Just maybe the Winston-Salem State women’s basketball team got so used to taking the court without key players because of injuries there wasn’t as much to worry about.

Coach L’Tona Lamonte, a 20-year veteran, gave up explaining how many injuries her team went through this season. But through it all she may have done her best coaching job in four seasons at WSSU.

The Rams finished 15-16 overall and reached the semifinals of the CIAA Tournament in Charlotte. After Fayetteville State beat WSSU 64-47 in the semifinals, the sense was that Lamonte had taken this team about as far as she could take it. Fayetteville State beat Bowie State to win the CIAA Tournament.

“I’m going to miss the seniors, but we will have Amaya coming back,” Lamonte said shortly after the loss.

Amaya Tucker, a Reagan graduate, lost her sophomore season to an ankle injury and redshirted after an outstanding freshman season. Lamonte had to adjust, especially after other injuries kept adding up.

Lamonte and her coaching staff will reassess their conditioning and practice schedule in the wake of all the injuries.

“We have some people that will be coming in next year," she said, "but I don’t want to think about that right now and I’d rather thank this team for what they did.”

The Rams will lose four seniors: point guard Jahlia Williams and shooting guard Taylor Daniels and post player Brandi Segars, who transferred for one season from Loyola-Chicago, plus Aja Stevens won’t be back.

Lamonte, who is 58-56 in her four seasons, isn’t concerned that her contract is up. She wants to stay at her alma mater and has had conversations with Etienne Thomas, the athletics director. Thomas said during the CIAA Tournament last week that she would sit down with Lamonte for more serious discussions this month.

What bodes well for the Rams is how they played at the end of the regular season and into the tournament to win four straight. They upset second-seeded Lincoln (Pa.) in the quarterfinals in one of their best games.

“We played so hard and to see the results of that hard work is going to pay off,” Lamonte said after the victory.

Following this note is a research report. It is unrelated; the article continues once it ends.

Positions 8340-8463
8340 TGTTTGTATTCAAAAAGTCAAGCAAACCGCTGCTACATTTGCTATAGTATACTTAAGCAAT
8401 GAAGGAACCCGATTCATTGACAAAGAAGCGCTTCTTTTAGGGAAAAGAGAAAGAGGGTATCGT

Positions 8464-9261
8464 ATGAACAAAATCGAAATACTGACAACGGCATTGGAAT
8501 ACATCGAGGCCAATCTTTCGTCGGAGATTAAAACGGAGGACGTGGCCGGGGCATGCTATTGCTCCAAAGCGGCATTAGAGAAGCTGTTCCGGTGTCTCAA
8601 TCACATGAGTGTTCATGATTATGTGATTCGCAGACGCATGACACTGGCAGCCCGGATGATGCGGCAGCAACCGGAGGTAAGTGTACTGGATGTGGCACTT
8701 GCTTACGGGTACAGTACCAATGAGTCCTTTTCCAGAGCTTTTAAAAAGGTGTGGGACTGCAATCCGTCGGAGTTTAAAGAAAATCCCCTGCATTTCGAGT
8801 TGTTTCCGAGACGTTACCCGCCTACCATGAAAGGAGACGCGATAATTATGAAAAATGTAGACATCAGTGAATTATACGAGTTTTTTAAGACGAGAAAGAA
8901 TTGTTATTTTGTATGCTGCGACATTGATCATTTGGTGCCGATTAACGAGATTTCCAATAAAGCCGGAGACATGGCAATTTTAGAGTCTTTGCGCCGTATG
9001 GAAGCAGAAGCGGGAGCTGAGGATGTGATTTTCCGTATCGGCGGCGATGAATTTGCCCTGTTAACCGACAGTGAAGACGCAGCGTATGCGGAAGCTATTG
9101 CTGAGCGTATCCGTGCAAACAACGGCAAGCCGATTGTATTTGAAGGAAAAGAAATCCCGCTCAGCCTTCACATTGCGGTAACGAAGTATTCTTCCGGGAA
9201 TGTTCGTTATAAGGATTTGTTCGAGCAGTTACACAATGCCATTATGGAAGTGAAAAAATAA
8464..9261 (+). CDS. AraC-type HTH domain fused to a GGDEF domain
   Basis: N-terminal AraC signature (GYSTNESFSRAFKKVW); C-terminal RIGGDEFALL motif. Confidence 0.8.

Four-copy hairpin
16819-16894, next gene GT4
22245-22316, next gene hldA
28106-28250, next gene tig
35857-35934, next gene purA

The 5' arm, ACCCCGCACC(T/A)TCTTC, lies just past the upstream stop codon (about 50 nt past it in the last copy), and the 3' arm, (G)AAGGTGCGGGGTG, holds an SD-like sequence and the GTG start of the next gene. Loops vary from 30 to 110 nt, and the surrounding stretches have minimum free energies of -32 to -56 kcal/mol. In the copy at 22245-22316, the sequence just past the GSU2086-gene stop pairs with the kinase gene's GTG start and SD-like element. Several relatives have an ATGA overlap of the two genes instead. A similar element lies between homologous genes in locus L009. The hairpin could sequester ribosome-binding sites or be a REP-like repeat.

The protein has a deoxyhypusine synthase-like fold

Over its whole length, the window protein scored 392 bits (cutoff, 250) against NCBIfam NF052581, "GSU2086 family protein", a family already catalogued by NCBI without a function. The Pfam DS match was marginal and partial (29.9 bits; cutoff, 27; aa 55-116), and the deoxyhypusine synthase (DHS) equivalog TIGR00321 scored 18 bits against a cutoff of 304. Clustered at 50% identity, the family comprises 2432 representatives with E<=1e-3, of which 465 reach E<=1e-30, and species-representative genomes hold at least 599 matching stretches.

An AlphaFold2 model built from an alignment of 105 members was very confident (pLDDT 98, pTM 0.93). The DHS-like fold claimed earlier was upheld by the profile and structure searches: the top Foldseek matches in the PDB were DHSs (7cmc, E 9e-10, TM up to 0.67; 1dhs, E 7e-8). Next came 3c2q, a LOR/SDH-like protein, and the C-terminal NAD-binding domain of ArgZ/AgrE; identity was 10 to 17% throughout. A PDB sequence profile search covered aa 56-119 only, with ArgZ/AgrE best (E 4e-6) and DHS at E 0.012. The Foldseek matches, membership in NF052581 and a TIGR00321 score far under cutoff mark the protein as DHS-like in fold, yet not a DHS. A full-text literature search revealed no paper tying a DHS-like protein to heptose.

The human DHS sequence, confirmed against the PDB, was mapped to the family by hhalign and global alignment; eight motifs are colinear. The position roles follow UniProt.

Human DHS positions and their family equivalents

With Tucker back next season along with rising junior O’Shae Hatley and sharp-shooting Melody Pritchard, the Rams should contend in the CIAA’s Southern Division.

The Rams have finished third or tied for third in the Southern Division in each of Lamonte's seasons. To break into that upper echelon of the division, the Rams will need to shoot better and stay healthy.

Dahja Williams, who suffered several injuries during the season, had her best game of her career in the upset over Lincoln (Pa.).

“We do need to somehow be healthier and be more consistent,” Lamonte said about next season. “We’ve got some recruits coming in that should help.”

Rising juniors Hailey Gipson and Kyree Hall will give Lamonte experience.

While watching the WSSU men win the CIAA title, Tucker took to Twitter to announce that the women would win a title before she graduates.

Lamonte has been adamant about her players working toward degrees, and last fall her program had the highest cumulative grade point average at WSSU.

“Our seniors are all graduating and we have one young lady who is going to get her master's and another young lady who is accepted at Wake Forest and going to get her doctorate,” Lamonte said. “We have a couple of other seniors who will get their master's degrees next year, so that’s exciting.”

jdell@wsjournal.com

(336) 727-4081

@johndellWSJ

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